US deportation of immigrants convicted of crimes 'cruel' and 'senseless': HRW

[JURIST] The US policy of deporting legal immigrants convicted of crimes has separated an estimated 1.6 million children and adults [press release] and resulted in the permanent exile of permanent residents for even non-violent misdemeanor offenses, according to a report [PDF text] released Tuesday by Human Rights Watch (HRW) [official website]. HRW US Program senior research Alison Parker, the author of the report, called the laws "cruel in their rigidity" and "senseless."

According to the report:

Refugees have also been sent to places where they fear persecution, even though the crimes they have committed are not sufficiently serious to warrant stripping them of refugee protection.

Not only have deportation laws become more punitive - increasing the types of crimes that can permanently sever an immigrant's ties to the United States - but there are fewer ways for immigrants to appeal for leniency. Hearings that used to happen in which a judge would consider immigrants' ties to the United States, most especially their family relationships, were stopped in 1996 for those convicted of a long list of crimes. Therefore, family relationships or other ties to the United States receive no consideration and cannot influence a judge's deportation decision.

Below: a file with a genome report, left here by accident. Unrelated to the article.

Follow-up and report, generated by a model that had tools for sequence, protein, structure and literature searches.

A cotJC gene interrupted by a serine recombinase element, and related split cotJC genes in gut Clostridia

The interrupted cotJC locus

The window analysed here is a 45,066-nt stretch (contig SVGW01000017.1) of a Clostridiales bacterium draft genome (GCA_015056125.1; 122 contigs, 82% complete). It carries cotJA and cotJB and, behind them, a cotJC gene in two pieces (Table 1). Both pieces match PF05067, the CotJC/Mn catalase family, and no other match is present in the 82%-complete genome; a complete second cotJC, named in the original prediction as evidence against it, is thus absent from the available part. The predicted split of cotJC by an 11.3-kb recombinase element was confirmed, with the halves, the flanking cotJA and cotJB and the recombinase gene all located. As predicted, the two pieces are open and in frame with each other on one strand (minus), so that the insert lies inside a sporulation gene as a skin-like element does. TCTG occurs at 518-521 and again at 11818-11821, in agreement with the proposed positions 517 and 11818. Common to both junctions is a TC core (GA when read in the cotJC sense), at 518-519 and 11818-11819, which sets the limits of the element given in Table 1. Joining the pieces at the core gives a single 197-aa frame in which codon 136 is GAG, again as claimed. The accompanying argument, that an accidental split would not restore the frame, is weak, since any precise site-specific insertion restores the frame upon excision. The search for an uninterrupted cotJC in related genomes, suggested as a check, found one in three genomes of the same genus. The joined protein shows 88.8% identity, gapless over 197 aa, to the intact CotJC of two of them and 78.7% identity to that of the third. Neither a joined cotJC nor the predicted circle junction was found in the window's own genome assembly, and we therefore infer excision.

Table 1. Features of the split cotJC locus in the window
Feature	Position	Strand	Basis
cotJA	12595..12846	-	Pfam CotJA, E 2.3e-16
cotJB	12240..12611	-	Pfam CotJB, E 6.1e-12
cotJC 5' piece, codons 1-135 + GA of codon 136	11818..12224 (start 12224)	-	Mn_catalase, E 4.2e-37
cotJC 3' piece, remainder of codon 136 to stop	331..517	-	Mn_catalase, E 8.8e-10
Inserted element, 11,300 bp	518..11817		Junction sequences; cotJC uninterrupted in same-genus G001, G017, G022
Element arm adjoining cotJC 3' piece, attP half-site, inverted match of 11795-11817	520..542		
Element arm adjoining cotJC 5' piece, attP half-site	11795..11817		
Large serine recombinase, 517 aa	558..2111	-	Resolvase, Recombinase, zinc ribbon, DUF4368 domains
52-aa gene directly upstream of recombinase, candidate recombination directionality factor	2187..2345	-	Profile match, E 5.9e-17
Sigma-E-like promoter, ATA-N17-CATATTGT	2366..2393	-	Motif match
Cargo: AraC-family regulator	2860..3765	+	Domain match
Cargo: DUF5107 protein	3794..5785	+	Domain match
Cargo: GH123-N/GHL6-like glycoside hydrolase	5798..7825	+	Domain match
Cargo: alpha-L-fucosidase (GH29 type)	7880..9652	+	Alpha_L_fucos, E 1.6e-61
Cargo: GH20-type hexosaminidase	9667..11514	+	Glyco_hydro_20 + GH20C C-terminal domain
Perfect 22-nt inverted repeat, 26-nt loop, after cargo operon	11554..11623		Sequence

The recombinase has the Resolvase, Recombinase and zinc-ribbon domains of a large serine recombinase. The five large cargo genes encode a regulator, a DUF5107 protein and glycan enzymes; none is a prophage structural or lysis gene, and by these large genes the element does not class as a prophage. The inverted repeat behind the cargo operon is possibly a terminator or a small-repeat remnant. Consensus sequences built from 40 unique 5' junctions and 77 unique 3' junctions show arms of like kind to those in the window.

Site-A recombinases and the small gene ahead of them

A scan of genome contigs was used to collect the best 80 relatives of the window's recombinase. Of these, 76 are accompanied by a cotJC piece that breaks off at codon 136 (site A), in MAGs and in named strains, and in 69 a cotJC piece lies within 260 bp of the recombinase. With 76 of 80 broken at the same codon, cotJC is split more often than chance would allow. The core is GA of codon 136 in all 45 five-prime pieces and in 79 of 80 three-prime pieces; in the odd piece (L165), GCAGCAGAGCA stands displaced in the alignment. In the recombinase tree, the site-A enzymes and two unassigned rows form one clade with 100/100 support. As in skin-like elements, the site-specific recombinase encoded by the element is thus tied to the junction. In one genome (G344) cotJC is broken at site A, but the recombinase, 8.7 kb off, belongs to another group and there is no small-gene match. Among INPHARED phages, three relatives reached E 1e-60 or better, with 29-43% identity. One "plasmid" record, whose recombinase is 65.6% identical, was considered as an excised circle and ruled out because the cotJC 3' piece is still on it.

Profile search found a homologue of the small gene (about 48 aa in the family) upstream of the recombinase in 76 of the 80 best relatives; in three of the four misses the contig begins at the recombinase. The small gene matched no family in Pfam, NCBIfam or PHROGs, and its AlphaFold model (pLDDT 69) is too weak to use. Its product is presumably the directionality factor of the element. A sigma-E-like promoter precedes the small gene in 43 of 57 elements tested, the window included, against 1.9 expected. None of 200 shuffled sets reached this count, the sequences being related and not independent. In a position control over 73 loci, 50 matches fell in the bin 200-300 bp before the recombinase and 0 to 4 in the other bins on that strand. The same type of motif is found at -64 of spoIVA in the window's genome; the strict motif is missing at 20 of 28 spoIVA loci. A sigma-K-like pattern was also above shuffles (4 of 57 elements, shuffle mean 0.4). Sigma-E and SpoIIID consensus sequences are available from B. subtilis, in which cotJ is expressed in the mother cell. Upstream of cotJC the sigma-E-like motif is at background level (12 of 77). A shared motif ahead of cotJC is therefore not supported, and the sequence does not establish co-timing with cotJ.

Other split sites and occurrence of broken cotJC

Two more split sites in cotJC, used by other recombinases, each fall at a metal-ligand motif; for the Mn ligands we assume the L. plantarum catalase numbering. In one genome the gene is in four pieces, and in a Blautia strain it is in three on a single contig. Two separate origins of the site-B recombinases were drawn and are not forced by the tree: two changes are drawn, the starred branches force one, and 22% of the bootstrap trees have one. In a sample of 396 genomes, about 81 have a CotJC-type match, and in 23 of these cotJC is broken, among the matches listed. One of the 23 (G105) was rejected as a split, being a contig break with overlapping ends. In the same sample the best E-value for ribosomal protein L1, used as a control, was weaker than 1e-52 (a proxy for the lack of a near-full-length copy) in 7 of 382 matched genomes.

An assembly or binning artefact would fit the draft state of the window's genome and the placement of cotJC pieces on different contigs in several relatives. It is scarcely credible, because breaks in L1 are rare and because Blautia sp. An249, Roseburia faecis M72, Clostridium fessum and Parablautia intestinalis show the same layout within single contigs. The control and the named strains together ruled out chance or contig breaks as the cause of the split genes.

HRW says that while "deportation is a necessary part of every country's enforcement of its immigration laws," the exercise of deportation powers should be "governed by fair laws tailored to protect legitimate national interests." The report urged modifying immigration laws to take into account an immigrant's family ties, military service, connections to the United States, and the best interest of his or her children. AFP has more.

 

About Paper Chase

Paper Chase is JURIST's real-time legal news service, powered by a team of 30 law student reporters and editors led by law professor Bernard Hibbitts at the University of Pittsburgh School of Law. As an educational service, Paper Chase is dedicated to presenting important legal news and materials rapidly, objectively and intelligibly in an accessible format.

© Copyright JURIST Legal News and Research Services, Inc., 2013.